Analysts predict that 2013 will bring another increase (~30 percent) in annual installed capacity in the U.S, with additional market growth anticipated in related storage and battery technologies. Prices for solar component costs will continue to drop—though probably less precipitously as in 2012—and in turn drive installations across sectors. Third-party financing will continue opening new markets for commercial and residential sector deployment. In addition, community solar and emerging innovations such as crowd funding and real estate investment trusts (REIT) are gaining traction as potential opportunities for residents and investors alike. In parallel, rising interests in energy storage and battery technologies are surfacing in the U.S. and Europe. Examples of activities in the U.S. include: a $120 million federal award toward a Battery and Energy Storage Hub, pilot programs run by California utilities, and raised awareness by the commercial and residential sectors due to the grid vulnerability experienced during Hurricane Sandy. Not surprisingly, Germany recently announced an intention to subsidize solar energy storage as soon as April.
The supply chain “glut” will likely continue to drive prices down in early 2013 and more manufacturers will either be swallowed up by larger companies or simply go out of business. GTM Research predicts that as many as 180 module manufacturers alone will go bankrupt by 2015. The largest portion (88) of these companies will be in the high-cost manufacturing markets of the U.S., Europe and Canada, however China will also take a big hit, with as many as 54 companies expected to fail. That said, the exit of these firms combined with increased demand from the U.S., China, India, Japan and emerging solar markets could help stabilize the supply-demand balance by as soon as the second half of 2013.
The trade wars will probably hurt more than help the manufacturing industry, and though there are methods of circumventing new requirements, there remain uncertainties as to what the actual price impacts will be if tariffs are imposed by not only the U.S., but Europe and China as well. That said, most analysts aren’t yet anticipating major disruptions to the general price decline resulting from oversupply in the market.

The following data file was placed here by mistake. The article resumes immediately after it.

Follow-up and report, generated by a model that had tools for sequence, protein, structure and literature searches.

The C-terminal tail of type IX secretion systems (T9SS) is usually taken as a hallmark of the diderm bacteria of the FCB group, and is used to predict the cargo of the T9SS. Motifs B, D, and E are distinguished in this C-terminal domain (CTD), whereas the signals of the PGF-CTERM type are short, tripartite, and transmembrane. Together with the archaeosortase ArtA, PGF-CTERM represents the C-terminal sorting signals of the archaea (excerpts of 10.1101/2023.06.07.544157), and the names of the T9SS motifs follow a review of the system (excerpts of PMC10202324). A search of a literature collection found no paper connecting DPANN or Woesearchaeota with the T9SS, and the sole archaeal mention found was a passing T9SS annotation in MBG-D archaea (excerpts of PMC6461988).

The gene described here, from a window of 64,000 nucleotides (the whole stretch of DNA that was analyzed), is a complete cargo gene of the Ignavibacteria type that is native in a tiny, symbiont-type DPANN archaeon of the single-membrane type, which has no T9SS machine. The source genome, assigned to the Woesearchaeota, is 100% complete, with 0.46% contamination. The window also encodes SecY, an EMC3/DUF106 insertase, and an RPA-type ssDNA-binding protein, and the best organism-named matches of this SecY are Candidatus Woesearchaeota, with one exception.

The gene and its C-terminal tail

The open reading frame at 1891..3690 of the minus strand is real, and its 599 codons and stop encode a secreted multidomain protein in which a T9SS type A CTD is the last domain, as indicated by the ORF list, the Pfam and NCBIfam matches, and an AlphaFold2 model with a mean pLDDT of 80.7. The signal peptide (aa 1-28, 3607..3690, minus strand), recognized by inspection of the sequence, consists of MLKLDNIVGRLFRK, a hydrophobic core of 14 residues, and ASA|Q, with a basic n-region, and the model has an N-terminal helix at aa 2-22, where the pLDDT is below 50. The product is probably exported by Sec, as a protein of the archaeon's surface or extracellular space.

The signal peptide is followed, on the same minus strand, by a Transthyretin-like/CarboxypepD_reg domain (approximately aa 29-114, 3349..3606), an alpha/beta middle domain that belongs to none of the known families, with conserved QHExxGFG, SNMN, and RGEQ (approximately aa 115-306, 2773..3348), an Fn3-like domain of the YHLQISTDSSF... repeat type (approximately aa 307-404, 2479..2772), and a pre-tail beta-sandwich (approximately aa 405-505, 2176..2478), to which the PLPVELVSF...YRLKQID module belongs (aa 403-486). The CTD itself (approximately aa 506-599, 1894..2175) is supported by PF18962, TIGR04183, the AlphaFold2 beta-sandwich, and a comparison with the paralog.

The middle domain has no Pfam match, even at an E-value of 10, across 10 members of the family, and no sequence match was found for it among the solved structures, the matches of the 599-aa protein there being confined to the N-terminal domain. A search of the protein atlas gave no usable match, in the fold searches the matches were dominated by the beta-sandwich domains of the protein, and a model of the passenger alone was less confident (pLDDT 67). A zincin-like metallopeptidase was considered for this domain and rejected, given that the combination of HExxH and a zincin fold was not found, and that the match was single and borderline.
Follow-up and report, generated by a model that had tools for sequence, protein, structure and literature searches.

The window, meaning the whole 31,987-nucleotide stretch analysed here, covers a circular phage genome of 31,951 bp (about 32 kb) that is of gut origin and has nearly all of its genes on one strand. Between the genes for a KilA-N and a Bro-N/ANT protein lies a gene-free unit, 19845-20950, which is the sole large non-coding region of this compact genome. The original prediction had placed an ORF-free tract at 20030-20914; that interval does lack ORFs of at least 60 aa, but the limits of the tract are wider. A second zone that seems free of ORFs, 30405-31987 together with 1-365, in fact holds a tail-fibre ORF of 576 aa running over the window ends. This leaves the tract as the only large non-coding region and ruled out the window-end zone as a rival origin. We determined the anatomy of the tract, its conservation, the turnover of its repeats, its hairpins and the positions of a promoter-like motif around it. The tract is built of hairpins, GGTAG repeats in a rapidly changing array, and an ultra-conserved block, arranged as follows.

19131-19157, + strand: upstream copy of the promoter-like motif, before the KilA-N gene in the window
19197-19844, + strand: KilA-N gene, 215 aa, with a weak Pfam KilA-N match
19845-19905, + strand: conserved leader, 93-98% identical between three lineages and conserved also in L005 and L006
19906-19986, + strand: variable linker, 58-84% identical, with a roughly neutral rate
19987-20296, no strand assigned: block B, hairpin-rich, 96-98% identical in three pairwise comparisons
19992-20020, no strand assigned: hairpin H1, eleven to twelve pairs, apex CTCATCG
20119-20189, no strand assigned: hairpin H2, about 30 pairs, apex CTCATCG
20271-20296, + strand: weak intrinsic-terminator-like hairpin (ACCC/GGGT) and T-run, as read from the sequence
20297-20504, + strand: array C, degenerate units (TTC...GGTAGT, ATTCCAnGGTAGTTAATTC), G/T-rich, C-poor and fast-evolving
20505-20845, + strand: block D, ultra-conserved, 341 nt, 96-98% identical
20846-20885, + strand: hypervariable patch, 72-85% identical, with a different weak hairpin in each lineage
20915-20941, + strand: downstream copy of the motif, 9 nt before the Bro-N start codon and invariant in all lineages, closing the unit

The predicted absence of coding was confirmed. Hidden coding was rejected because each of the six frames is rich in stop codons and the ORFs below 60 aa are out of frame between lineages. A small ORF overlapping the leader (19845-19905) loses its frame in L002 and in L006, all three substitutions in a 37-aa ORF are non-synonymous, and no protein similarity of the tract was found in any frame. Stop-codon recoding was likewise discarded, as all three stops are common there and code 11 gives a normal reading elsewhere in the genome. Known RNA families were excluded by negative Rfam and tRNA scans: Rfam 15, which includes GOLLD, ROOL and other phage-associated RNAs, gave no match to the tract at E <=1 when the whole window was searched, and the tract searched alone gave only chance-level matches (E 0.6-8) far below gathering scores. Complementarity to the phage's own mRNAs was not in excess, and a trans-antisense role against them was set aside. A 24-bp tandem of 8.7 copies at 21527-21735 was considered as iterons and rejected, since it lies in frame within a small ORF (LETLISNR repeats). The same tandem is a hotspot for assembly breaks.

Although the southeast U.S. remains a relatively small player in the national solar market, it embodies many of the national trends discussed above. Georgia Power Company, citing “recent declines in the cost of installations,” will be launching the largest solar initiative in state history and the largest voluntarily developed solar portfolio from an investor-owned utility. In Tennessee, Silicon Ranch recently completed the largest solar system in the state, a 9.5 megawatt PV system at Volkswagen Chattanooga. Further, legislative bills are being pushed in several southern states to allow for third party ownership. Conversely, just this month Hemlock Semiconductor announced it was holding off production at its new plant in Clarksville, TN, “in response to significant oversupply in the polysilicon industry and the threat of potential tariffs on its products sold into China.”
Visit EcoWatch’s RENEWABLES page for more related news on this topic.